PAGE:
The fire and its aftermath revealed inequalities. Is that going to happen now?
It has happened! We talk about people of color and service workers taking the brunt of this, and wealthier people having the resources to work at home or get farther away and have reserves of money and insurance.
Since these inequalities have been revealed—once we’re vaccinated—do we forget that it’s been people of color who have died? Do we forget that it’s been poor people who have died?
Now you’re talking to me as a citizen and not as a historian. I study the past. I don’t predict the future.
I certainly hope we remember. I certainly hope that we do things to make a more equitable society. There’s also this whole thing that immigrants or workers or unions are somehow this burden.
It is very hard to overstate the amount of anti-Irish prejudice there was in Chicago in 1871. There was no such thing as political correctness. It was a perfectly respectable thing to do to make nasty fun of people like the O’Learys and talk about them as dirty and ignorant. But the people who invested their money and their energy in Chicago needed these people. That’s why these people came, and that’s why they wanted these people to come to work. You can’t build a city without these people. And you can’t run it without these people. It’s very important to acknowledge that and to realize that they are part of it.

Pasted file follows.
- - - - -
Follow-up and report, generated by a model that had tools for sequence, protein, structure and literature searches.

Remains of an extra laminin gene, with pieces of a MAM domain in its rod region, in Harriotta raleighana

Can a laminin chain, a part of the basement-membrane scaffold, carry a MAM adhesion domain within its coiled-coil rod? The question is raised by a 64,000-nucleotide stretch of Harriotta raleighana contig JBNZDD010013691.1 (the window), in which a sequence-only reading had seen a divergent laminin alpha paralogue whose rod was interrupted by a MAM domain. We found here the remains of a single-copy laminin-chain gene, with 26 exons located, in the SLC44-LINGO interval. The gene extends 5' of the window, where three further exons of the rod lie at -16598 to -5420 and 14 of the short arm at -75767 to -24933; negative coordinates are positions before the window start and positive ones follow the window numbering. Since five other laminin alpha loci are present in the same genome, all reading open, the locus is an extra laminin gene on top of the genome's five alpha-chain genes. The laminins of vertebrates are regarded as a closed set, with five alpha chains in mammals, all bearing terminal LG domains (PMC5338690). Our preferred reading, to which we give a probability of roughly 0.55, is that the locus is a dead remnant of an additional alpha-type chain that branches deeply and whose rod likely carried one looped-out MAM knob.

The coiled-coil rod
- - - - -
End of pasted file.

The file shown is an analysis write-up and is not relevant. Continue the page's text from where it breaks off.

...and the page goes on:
Then there are these resentments when these people are here, “Oh, my gosh! They vote their own interests rather than what we think what’s best for the city: keep wages low, no unions, and let the free market take care of everything.
There was all this talk about crooked politicians, and there were crooked politicians. But, a lot of times, the politicians were smeared because they didn’t vote the way Marshall Field wanted them to vote. Like anyone else, they use what power they have.
There was this friction of the people on the outs, saying, “If you build with wood, the workers could afford to have a home.” There was a lot of friction that resulted in Chicago after that.